- Sidewalks and walkways
- Building entrances
- Hallways and corridors
- Voting areas
In addition, any other portions of the facility, such as restrooms, which are made available to voters also must be accessible.
It is important to remember, however, that many polling places are not government buildings, and are often private structures that are not normally subject to the more stringent accessibility requirements of Title II of the ADA. Consequently, the ADA does permit voting authorities to make a polling place accessible with temporary solutions to inaccessible features so long as those temporary solutions still allow the voter to vote. When a voting authority uses a temporary solution, they are supposed to attempt to eventually replace the polling place that is inaccessible with one that is fully accessible. If a fully accessible polling place isn’t available, the voting authority may be required to ultimately resolve the issue by permanently fixing the inaccessible feature.
To ensure that polling places are accessible, voting authorities are to use the guidelines in the Americans with Disabilities Act Accessibility Guidelines (ADAAG). The U.S. Department of Justice has also released an ADA Checklist for Polling Places that provides information on ADAAG standards specifically as they relate to polling places. The ADA Checklist for Polling Places is also helpful because it provides some useful information on some of the acceptable temporary solutions to inaccessible features of a polling place.
Another key aspect of the ADA’s physical access requirement is that election authorities must allow voters with disabilities who use service animals to enter all areas of the polling place, with their service animals, that are open to voters.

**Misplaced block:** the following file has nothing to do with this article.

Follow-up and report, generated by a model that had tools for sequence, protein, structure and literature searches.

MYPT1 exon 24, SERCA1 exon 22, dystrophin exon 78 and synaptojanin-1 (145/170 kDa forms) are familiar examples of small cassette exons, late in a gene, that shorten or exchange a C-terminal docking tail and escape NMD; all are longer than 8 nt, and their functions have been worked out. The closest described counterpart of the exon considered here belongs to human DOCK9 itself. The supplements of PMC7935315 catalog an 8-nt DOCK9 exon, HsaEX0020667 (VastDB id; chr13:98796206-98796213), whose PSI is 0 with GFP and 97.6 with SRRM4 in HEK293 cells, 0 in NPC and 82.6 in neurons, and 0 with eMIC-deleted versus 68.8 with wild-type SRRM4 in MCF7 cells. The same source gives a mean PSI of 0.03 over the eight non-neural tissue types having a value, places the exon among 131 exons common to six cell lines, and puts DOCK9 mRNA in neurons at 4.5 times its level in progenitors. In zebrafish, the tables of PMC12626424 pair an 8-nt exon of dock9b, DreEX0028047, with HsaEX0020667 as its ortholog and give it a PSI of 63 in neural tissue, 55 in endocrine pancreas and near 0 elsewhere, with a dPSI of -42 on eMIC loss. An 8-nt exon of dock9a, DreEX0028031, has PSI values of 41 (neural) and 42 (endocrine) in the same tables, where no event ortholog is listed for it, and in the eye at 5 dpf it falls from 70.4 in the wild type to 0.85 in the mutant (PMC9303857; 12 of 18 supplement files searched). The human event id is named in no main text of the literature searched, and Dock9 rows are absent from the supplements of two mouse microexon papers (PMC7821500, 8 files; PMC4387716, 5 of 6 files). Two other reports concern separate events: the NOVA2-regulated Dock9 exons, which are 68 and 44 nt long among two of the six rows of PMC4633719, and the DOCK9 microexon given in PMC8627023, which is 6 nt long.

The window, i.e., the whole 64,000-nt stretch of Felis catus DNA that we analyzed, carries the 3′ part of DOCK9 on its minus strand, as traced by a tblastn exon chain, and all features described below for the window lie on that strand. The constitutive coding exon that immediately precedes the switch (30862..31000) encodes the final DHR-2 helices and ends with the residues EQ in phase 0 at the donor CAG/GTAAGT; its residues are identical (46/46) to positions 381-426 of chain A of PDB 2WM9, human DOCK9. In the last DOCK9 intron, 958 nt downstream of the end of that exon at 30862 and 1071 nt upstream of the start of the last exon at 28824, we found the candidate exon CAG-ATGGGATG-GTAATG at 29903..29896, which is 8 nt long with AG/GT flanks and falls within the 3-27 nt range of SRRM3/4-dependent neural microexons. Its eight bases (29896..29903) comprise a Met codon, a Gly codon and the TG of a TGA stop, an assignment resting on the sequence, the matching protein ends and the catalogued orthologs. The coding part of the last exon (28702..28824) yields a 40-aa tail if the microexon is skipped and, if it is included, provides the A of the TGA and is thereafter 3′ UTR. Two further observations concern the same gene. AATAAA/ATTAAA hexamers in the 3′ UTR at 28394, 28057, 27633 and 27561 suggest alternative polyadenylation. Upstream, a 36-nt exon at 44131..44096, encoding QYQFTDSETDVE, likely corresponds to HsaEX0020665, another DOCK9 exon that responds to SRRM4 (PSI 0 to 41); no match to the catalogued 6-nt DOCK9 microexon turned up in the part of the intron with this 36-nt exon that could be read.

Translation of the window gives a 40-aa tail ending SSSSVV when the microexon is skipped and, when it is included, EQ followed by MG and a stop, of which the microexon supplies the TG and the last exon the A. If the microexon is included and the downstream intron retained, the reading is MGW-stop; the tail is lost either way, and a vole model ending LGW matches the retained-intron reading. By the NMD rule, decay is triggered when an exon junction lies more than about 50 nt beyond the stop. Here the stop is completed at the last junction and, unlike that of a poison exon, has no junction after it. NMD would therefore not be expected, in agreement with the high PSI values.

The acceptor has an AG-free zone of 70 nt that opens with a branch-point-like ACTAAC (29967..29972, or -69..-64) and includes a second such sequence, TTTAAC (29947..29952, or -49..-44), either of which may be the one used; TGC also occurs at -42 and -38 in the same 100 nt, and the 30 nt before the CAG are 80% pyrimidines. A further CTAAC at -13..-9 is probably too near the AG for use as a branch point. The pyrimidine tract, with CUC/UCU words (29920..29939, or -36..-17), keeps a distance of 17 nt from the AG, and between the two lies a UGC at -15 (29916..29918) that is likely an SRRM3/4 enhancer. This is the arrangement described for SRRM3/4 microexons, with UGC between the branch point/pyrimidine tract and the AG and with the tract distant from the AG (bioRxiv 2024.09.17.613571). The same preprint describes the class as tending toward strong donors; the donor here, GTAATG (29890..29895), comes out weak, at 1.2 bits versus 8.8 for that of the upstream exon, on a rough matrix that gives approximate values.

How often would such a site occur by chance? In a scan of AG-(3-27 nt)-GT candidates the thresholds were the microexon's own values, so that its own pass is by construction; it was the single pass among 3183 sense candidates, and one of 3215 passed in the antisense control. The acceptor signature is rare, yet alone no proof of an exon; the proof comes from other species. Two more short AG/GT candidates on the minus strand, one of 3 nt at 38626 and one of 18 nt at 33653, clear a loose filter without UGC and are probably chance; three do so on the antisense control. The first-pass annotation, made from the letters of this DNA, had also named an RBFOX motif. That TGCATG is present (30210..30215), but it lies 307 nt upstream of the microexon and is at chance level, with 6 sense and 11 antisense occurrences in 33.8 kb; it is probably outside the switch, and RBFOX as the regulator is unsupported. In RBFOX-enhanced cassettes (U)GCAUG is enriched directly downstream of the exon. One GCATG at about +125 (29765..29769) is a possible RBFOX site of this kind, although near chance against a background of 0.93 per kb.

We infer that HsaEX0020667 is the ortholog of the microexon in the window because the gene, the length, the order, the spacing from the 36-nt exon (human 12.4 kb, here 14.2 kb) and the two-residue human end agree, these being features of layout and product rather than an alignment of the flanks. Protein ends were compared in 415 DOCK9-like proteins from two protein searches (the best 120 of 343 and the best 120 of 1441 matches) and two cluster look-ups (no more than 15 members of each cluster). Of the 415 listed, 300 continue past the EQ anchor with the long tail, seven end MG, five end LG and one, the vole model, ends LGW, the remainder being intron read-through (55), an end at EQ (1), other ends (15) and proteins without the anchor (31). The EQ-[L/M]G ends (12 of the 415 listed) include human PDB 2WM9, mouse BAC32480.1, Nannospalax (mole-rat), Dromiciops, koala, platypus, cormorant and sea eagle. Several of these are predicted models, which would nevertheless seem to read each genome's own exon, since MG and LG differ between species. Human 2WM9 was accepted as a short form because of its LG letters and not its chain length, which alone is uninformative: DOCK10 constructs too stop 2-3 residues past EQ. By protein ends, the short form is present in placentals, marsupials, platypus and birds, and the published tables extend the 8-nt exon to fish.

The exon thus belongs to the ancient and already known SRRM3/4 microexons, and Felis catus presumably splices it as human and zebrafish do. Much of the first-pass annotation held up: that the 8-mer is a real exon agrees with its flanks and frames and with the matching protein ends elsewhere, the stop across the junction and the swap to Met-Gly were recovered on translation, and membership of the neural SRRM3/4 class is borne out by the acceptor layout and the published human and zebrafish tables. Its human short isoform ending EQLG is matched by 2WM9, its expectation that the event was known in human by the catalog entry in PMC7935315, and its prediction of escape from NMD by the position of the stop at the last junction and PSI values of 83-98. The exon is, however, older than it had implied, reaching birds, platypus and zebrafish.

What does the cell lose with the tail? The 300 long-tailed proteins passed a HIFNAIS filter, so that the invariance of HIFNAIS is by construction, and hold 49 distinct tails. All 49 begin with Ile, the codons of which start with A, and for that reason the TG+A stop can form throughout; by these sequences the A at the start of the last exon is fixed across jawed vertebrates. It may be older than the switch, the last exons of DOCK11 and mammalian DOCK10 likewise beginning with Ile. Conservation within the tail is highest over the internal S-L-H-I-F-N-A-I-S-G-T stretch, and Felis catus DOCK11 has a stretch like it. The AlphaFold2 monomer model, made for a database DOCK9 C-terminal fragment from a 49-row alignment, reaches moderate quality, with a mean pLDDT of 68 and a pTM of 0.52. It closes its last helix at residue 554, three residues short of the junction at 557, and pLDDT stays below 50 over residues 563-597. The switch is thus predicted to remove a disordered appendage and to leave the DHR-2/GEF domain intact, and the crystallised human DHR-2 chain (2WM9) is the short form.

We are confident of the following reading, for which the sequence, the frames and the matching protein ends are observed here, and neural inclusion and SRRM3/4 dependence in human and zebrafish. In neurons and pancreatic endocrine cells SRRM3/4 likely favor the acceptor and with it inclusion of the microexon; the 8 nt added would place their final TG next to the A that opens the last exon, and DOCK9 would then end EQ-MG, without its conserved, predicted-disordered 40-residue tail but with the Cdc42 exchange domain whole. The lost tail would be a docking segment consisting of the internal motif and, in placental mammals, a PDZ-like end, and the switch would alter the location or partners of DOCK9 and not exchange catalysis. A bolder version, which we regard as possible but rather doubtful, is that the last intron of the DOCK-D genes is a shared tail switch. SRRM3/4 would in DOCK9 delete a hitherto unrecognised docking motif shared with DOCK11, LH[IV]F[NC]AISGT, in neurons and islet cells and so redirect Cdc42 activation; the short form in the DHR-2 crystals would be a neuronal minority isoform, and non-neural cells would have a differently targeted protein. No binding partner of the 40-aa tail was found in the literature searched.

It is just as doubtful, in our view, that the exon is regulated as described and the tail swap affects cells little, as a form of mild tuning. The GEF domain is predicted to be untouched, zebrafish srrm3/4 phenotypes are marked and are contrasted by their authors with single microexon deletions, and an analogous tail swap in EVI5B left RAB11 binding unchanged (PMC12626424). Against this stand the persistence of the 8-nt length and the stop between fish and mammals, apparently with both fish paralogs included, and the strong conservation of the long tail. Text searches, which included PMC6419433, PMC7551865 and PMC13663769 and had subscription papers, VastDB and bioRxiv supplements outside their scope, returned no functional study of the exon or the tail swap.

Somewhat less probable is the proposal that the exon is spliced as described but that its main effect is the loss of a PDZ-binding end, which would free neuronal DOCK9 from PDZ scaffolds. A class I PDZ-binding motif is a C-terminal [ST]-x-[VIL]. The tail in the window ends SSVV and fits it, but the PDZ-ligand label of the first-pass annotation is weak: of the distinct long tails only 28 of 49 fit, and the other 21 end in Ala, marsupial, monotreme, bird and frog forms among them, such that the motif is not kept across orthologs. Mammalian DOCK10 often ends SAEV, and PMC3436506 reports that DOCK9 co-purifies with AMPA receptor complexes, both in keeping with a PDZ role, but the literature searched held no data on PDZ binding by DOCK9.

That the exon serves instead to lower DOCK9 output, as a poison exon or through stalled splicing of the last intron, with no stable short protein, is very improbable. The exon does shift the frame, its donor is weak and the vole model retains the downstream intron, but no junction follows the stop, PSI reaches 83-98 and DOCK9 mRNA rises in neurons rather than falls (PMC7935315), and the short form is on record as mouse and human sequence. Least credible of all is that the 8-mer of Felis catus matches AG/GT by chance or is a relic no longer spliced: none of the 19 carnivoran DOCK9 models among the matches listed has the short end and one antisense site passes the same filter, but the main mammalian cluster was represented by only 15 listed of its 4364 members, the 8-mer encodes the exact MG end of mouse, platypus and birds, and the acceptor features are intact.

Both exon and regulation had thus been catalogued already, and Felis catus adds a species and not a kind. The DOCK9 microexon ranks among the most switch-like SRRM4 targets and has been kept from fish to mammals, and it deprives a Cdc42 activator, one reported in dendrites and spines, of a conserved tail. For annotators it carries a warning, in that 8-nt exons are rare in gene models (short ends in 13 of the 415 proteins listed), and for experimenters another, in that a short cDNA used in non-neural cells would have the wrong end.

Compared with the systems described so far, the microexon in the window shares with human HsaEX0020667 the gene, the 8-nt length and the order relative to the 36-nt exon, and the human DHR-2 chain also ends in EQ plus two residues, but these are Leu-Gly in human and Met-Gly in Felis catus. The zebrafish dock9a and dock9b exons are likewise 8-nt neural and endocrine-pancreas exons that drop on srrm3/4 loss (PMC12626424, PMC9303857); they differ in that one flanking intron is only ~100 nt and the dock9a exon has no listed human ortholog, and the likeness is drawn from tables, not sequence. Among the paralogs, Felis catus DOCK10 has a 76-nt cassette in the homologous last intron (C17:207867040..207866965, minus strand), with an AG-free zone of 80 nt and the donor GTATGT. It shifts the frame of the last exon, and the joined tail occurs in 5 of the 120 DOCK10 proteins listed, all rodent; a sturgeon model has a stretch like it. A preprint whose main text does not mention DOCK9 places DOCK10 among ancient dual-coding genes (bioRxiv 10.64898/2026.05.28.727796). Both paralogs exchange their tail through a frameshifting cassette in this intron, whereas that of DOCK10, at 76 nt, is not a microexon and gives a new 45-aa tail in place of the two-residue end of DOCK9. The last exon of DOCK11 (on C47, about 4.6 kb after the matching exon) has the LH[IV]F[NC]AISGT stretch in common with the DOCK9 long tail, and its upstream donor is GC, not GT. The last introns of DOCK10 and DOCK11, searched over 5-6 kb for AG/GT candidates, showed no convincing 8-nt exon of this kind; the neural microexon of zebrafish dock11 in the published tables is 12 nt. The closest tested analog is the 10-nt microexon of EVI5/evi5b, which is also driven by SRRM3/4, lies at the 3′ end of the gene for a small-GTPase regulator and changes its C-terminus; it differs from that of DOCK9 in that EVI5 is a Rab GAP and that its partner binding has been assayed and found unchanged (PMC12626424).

Finally, under the ADA, voting authorities must modify their policies and procedures where needed to permit access to the voting process and polling place for persons with disabilities. For example, if the election process requires voters to present IDs to vote, the election authority cannot require an ID that is not available to persons with disabilities, such as a driver’s license, because many persons with disabilities do not qualify to drive. Another example is when voters must stand in long lines, election workers might have to provide a voter with a disability who cannot stand in line with a chair or another suitable place to wait for their turn to vote. In other words, a voting authority cannot have a policy or procedure that discriminates against voters with disabilities.
Although the ADA has certainly alleviated many of the problems with accessing polling places, accessing the polling place is only one piece of the puzzle for voters with disabilities. Voters with disabilities must also be able to access and use the ballot in order to actually cast their vote.
At the Ballot Box or Voting Machine
Prior to 2002, there was no specific statute that said that voting systems had to be accessible to persons with disabilities. That changed when Congress passed HAVA. HAVA specifically states that jurisdictions must have accessible voting systems for all Federal elections. That has translated to electronic systems in many jurisdictions.
HAVA also says that election officials must maintain their accessible voting systems in working order and that polling staff must receive adequate training on the use of the accessible voting systems. Finally, voters using accessible voting equipment must also be afforded the same amount of privacy as other voters.
It is important to note that HAVA’s requirement for accessible voting machines only applies to federal elections. Consequently, the ADA’s requirement for accessible government programs and effective communications controls accessibility expectations for state, county, and local elections.
Many states are opting to go with the voting machines required by HAVA to avoid duplicate systems and to avoid some of the secret ballot issues inherent with providing ballots in alternative formats.
In fact, the U.S. Department of Justice has concluded that providing braille ballots is not an appropriate alternative to offer a person who is blind because this ballot is distinguishable from others and thus would eliminate the secrecy of the person's vote. Presumably the same would hold true of large print ballots.